1. The answer to the question referred is therefore that Article 73b of the Treaty must be interpreted as not precluding legislation of a Member State which excludes the reduction in value of shares as a result of the distribution of dividends from the basis of assessment for a resident taxpayer, where that taxpayer has acquired shares in a resident capital company from a non-resident shareholder, whereas, had the shares been acquired from a resident shareholder, such a reduction in value would have reduced the acquirer's basis of assessment.

  1. This applies in cases where such legislation does not exceed what is necessary to maintain a balanced allocation of the power to impose taxes between the Member States and to prevent wholly artificial arrangements which do not reflect economic reality and whose only purpose is unduly to obtain a tax advantage. It is for the national court to examine whether the legislation at issue in the main proceedings is limited to what is necessary in order to attain those objectives.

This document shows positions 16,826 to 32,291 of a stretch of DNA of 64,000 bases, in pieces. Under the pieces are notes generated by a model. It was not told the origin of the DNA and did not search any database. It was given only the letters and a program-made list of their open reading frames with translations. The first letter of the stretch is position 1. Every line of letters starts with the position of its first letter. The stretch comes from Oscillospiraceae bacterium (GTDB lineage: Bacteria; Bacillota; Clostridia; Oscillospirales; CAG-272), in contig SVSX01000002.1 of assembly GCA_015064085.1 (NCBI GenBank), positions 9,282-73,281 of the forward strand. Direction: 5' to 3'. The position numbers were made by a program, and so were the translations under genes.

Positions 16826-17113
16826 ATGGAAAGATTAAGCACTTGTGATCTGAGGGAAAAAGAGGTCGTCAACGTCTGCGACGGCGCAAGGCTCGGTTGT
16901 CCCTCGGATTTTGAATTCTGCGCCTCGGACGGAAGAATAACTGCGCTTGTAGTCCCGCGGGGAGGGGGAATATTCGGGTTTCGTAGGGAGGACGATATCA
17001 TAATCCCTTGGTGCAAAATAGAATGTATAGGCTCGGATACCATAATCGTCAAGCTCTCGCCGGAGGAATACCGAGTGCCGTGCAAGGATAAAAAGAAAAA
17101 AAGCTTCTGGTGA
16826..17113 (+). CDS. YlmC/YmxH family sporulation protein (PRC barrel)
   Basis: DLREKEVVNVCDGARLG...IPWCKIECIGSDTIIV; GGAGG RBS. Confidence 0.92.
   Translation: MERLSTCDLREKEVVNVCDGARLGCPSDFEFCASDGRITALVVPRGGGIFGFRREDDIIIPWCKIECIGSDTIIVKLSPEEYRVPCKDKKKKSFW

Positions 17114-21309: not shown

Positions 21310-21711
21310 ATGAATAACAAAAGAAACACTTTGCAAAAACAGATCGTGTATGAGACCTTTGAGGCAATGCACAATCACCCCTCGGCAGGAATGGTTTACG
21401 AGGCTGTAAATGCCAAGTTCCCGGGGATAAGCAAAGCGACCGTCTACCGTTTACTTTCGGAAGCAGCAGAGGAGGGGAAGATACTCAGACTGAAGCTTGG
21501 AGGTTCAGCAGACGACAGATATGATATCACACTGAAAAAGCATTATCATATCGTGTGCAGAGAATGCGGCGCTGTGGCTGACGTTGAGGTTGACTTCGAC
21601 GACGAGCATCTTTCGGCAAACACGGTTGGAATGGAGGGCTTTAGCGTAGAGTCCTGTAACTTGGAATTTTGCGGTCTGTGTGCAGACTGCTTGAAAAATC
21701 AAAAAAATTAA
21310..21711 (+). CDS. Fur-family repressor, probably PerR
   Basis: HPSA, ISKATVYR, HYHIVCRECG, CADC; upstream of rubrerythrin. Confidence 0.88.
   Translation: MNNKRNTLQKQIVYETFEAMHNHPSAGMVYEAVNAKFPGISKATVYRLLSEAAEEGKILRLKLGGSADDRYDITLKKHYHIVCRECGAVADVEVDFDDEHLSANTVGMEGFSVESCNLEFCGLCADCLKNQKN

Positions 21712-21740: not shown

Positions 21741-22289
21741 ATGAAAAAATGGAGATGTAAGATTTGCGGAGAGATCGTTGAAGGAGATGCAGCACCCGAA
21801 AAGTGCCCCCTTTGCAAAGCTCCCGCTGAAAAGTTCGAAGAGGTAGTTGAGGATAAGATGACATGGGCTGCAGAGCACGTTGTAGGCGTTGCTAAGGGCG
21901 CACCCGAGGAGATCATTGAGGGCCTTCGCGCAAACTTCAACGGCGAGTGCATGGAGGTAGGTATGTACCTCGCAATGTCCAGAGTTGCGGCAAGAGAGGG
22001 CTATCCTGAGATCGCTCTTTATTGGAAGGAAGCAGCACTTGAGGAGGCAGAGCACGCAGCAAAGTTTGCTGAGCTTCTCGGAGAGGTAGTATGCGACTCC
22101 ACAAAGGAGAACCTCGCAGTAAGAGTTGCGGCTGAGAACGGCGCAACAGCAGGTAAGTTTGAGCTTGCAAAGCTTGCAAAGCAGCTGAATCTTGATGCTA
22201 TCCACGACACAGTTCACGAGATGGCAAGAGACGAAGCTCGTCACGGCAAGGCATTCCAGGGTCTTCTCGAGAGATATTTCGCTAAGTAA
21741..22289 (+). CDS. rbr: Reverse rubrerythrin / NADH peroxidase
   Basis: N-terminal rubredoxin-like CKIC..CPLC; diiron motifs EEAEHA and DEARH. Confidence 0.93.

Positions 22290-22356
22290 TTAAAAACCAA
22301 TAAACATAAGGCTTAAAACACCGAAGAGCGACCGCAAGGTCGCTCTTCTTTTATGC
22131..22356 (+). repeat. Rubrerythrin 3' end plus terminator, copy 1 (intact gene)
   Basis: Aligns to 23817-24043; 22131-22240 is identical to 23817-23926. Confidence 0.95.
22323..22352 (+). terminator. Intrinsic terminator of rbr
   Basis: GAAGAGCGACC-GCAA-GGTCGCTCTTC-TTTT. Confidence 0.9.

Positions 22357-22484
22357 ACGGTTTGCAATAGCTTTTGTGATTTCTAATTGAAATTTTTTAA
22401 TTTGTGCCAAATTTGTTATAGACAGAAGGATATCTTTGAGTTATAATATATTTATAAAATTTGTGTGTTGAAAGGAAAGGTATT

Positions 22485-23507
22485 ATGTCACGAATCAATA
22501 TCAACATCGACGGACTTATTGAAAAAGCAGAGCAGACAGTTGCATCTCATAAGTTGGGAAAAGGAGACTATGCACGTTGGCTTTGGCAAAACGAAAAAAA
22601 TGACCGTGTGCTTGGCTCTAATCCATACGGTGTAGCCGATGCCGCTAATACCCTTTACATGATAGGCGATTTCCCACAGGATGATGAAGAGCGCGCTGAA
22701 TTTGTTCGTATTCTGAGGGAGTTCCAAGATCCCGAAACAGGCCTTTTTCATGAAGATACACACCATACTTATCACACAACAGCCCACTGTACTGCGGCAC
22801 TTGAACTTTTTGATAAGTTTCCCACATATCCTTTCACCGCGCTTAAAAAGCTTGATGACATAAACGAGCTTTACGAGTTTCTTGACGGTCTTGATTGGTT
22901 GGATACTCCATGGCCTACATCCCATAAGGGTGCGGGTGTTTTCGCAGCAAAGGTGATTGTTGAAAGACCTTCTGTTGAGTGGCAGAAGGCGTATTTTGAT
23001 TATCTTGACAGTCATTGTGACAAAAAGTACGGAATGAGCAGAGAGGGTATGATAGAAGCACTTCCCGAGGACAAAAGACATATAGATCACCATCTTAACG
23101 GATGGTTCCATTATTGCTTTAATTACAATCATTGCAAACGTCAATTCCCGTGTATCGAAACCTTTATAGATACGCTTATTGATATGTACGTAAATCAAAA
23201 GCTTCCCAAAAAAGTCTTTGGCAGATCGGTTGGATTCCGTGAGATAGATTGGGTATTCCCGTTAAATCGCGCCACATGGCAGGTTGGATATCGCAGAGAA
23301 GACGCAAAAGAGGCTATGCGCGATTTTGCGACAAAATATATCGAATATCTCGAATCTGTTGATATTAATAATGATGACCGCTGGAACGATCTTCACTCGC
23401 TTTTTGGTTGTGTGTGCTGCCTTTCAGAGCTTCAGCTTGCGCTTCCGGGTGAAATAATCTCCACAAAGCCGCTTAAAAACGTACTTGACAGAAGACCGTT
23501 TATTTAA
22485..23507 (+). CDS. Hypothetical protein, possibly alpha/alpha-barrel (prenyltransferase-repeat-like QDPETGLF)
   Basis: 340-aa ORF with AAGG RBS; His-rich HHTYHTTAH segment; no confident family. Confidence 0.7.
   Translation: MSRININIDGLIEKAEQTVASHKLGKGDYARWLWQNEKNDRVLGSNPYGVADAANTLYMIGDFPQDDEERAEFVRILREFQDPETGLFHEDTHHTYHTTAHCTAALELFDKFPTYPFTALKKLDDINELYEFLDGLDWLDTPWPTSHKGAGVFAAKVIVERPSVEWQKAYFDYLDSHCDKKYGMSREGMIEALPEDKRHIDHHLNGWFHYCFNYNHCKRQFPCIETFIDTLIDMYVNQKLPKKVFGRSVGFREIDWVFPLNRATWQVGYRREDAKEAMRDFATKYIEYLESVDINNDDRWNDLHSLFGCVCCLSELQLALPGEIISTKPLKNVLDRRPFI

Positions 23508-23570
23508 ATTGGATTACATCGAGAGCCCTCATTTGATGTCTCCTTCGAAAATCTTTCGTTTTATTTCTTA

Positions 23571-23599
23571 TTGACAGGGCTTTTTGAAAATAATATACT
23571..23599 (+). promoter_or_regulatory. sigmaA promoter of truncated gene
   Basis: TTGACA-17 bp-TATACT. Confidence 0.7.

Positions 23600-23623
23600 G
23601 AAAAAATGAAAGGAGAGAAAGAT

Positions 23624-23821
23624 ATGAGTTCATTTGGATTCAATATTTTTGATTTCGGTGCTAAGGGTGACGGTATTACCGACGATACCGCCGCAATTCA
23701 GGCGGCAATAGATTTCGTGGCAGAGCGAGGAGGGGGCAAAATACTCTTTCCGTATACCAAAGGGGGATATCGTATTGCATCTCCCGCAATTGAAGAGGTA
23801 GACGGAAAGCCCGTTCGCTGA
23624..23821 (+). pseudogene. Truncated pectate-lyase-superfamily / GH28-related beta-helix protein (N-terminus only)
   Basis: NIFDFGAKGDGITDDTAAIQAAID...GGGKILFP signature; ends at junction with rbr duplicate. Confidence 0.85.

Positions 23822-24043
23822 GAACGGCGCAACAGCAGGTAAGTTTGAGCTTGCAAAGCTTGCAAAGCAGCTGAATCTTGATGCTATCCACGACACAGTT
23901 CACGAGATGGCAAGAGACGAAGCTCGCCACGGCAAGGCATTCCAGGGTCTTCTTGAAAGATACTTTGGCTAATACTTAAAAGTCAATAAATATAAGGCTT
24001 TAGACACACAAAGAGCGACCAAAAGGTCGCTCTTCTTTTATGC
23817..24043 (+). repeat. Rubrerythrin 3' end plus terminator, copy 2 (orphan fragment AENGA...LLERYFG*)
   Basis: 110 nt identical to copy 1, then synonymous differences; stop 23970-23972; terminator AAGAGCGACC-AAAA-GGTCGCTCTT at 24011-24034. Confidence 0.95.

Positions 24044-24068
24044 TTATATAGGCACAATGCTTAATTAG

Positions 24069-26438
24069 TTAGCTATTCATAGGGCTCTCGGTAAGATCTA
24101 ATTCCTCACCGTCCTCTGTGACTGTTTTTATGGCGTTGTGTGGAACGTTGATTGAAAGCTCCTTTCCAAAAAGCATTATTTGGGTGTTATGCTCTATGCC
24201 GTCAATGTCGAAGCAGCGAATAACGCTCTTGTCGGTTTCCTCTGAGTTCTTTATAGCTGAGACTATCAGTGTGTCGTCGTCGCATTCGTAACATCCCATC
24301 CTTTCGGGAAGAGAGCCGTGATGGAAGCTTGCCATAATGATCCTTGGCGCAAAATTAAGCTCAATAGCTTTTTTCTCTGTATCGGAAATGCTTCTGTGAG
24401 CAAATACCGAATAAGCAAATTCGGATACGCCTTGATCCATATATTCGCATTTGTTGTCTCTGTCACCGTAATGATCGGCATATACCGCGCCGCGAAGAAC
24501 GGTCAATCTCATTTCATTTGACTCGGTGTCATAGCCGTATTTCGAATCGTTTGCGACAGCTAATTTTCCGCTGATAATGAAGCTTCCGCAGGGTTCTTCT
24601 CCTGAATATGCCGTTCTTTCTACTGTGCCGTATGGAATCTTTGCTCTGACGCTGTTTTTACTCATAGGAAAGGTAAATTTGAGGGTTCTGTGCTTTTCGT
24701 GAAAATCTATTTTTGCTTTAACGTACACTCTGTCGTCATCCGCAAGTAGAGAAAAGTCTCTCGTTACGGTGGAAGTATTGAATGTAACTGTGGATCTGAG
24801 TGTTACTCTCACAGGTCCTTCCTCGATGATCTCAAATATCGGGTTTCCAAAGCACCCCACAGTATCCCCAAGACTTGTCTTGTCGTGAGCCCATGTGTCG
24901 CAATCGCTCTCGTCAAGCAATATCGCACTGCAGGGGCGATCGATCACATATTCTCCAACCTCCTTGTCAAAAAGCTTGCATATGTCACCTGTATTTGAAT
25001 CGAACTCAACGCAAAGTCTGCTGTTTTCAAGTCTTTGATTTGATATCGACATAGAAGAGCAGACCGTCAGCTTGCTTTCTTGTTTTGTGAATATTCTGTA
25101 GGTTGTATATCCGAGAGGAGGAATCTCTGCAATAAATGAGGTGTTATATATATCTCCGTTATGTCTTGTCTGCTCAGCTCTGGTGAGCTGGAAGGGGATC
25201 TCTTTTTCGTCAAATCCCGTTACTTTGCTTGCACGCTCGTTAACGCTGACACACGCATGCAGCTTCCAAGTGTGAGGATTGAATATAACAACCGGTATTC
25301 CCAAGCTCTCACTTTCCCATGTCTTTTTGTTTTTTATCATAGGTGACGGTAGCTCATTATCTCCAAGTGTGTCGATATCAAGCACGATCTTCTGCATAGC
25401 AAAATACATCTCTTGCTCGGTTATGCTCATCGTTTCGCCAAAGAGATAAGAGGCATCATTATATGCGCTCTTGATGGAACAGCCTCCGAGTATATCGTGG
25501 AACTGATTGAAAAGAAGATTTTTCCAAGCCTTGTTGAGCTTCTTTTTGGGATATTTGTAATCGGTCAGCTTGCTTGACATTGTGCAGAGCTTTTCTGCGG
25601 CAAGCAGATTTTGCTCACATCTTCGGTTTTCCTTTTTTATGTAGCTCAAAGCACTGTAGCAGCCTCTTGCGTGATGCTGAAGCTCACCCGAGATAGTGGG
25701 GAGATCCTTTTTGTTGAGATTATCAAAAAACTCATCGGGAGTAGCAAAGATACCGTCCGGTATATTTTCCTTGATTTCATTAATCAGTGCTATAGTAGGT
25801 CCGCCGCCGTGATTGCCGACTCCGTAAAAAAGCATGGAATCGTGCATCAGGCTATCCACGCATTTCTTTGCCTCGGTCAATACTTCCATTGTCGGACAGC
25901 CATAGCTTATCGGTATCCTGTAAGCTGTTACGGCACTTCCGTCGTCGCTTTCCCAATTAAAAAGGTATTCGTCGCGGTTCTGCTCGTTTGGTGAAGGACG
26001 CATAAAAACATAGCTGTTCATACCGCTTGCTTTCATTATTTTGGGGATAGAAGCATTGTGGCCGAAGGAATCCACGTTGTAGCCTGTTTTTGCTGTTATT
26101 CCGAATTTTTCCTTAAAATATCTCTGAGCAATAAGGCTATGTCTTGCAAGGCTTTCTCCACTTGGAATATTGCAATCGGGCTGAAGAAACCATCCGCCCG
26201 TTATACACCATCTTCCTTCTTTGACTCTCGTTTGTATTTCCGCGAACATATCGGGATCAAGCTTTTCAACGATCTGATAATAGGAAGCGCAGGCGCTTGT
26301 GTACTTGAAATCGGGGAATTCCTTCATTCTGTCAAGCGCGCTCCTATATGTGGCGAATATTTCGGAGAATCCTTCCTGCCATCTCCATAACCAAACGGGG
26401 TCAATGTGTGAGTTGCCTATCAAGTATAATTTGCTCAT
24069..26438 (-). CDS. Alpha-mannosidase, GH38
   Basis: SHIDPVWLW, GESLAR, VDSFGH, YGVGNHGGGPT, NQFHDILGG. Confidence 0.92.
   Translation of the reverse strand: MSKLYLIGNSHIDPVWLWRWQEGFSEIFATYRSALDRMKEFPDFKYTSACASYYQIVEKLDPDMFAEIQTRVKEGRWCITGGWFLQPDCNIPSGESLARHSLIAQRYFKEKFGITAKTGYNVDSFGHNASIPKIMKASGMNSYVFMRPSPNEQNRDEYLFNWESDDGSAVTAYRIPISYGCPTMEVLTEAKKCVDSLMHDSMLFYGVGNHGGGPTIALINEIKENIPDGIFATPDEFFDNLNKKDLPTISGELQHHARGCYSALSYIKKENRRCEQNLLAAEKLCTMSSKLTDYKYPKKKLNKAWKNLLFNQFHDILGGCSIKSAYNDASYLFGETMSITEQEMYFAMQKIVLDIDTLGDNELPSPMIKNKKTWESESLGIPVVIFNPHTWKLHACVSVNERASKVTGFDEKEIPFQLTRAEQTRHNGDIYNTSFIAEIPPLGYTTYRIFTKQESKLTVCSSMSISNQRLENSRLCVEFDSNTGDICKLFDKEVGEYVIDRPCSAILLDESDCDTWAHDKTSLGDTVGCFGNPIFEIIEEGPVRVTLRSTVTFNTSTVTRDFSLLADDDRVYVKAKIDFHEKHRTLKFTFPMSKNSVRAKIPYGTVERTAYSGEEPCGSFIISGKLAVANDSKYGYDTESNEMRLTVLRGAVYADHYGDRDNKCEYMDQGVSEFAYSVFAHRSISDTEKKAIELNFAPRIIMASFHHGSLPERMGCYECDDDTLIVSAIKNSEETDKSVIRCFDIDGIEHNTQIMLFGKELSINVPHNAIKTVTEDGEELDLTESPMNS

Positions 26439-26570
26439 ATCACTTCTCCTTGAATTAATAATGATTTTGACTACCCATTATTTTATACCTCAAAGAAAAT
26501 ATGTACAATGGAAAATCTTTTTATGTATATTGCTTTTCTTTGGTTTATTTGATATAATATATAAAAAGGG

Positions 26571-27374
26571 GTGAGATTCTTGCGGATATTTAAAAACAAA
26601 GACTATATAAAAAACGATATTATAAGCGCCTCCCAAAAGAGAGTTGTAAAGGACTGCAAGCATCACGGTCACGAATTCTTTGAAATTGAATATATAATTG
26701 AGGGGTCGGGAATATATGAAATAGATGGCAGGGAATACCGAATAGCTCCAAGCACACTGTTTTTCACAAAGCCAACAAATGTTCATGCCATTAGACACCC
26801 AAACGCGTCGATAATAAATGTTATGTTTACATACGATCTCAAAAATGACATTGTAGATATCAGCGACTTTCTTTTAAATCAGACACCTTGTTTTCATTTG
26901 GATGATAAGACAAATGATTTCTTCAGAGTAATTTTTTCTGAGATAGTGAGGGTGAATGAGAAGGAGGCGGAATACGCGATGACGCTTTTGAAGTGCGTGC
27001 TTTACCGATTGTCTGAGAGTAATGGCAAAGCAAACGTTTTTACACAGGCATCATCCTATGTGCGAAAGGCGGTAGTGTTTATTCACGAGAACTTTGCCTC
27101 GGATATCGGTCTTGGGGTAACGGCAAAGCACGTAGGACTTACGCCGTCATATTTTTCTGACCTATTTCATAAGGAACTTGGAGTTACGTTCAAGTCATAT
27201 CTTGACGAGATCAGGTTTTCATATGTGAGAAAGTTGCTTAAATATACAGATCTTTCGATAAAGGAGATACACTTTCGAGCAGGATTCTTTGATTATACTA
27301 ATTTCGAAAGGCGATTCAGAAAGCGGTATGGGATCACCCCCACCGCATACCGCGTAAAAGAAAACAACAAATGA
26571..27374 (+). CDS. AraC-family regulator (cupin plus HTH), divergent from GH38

Costs

  1. Since these proceedings are, for the parties to the main proceedings, a step in the action pending before the national court, the decision on costs is a matter for that court. Costs incurred in submitting observations to the Court, other than the costs of those parties, are not recoverable

On those grounds, the Court (First Chamber) hereby rules: